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Unequal Inheritance Between Siblings in Canada – Case Study

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  • Unequal Inheritance Between Siblings in Canada – Case Study

In Canada, the question of whether an inheritance should be distributed equally between siblings has been a subject of legal debate. In British Columbia, for example, the case of Grewal v. Litt showcased a situation where an unequal inheritance between siblings led to a legal challenge.

Our expert estate litigation lawyers can provide you with valuable insight on how to divide inheritance between siblings. If you have questions about your inheritance rights or want to discuss options for protecting yourself and your property, reach out to Onyx Law Group’s experienced family and estate lawyers for a free consultation.

This article discusses the implications of this case, addressing the question of whether an inheritance should be distributed equally among siblings and how the court can intervene to ensure a fair and equitable division of an estate.

Inheritance Law in BC

Inheritance Law in BC

In British Columbia, estate law is governed by the Wills, Estates and Succession Act (WESA), which provides a legal framework for the distribution of assets after an individual’s death. Under WESA, a will-maker has testamentary autonomy, meaning they have the freedom to decide how their estate will be divided among their beneficiaries.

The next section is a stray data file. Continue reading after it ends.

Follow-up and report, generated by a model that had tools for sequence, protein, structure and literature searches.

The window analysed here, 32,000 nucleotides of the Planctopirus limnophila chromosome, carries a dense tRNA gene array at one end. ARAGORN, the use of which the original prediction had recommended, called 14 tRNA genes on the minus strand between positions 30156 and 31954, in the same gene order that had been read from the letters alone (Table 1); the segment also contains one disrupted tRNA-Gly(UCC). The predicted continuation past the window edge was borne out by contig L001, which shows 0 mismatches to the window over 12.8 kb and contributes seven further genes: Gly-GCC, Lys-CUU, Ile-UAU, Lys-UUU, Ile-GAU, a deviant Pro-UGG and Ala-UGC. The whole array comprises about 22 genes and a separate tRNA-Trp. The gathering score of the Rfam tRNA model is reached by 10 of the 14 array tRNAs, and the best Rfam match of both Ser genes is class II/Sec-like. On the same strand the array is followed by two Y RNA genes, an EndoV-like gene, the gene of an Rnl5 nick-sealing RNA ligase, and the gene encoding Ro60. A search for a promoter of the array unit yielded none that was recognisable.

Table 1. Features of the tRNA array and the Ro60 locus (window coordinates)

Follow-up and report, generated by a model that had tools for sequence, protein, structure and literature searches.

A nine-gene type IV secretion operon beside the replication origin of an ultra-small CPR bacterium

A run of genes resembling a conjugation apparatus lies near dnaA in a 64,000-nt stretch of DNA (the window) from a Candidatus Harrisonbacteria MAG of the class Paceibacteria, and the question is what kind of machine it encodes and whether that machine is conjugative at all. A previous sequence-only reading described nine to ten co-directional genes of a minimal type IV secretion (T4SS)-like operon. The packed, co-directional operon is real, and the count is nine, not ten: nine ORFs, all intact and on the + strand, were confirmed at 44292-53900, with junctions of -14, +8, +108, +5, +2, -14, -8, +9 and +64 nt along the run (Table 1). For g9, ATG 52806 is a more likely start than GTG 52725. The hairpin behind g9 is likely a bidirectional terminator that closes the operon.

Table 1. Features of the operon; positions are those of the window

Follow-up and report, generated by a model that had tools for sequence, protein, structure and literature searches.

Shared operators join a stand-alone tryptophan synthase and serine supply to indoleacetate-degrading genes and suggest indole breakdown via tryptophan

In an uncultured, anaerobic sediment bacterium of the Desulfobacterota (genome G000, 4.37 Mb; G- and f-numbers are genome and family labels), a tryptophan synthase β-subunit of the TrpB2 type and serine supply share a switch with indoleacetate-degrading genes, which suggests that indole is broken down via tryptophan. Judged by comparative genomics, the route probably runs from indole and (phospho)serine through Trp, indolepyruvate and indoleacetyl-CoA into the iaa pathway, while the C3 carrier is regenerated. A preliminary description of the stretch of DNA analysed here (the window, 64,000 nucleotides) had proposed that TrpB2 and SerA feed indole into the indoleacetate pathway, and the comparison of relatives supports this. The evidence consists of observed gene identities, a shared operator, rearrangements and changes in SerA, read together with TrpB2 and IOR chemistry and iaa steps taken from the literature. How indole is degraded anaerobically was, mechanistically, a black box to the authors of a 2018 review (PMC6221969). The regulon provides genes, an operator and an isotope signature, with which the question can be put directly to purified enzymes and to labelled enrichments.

However, this autonomy is not absolute. The court has the authority to intervene if a will does not make adequate, just, and equitable provision for the proper maintenance and support of the will-maker’s spouse or children. When evaluating a claim to vary a will under Section 60 of WESA, the court considers various factors, including the relationship between the will-maker and the claimant, the size of the estate, contributions made by the claimant, the claimant’s financial needs, and any misconduct or poor character of the claimant. Additionally, the court may consider the greater need of certain beneficiaries when determining whether the provisions of the will are adequate.

As demonstrated in the Grewal v. Litt case below, while there is no legal obligation to divide an estate equally among siblings in BC, the court may step in to ensure a fair and equitable distribution of assets based on the specific circumstances of the case. The equal distribution of assets might depend on the moral duty of the testator towards their adult children, which can be negated while showing sufficient cause, as described in Tom vs. Tang.

A Case of Unequally Dividing an Estate Among Children in a Will in BC

Unequally dividing an estate among children in a will  

Nahar Grewal died on February 2, 2016 at age 88 and his wife, Nihal, died on March 22, 2016, at age 89. In 1993, Nahar and Nihal executed mirror wills (the “Wills”), which left everything to one another, and, on the passing of both of them, their estates were to be divided among their six adult children as follows:

(a)      $150,000 in cash to each of their four daughters; and

(b)      the residue to be divided equally between their two sons.

As of the date of death of the parents, the two primary assets of the estates were the family home on East 62nd Avenue in Vancouver, BC and farm property on Cambie Road in Richmond, BC. As of trial, both properties had been sold and the current net value of the combined estates was between approximately $9 million and $9.3 million. Under the Wills, and assuming a net value of the estate of $9 million, the daughters would collectively receive about 6.6% and the sons 93.4%. In dollar terms, each of the sons would receive $4.2 million, while the daughters collectively would receive $600,000.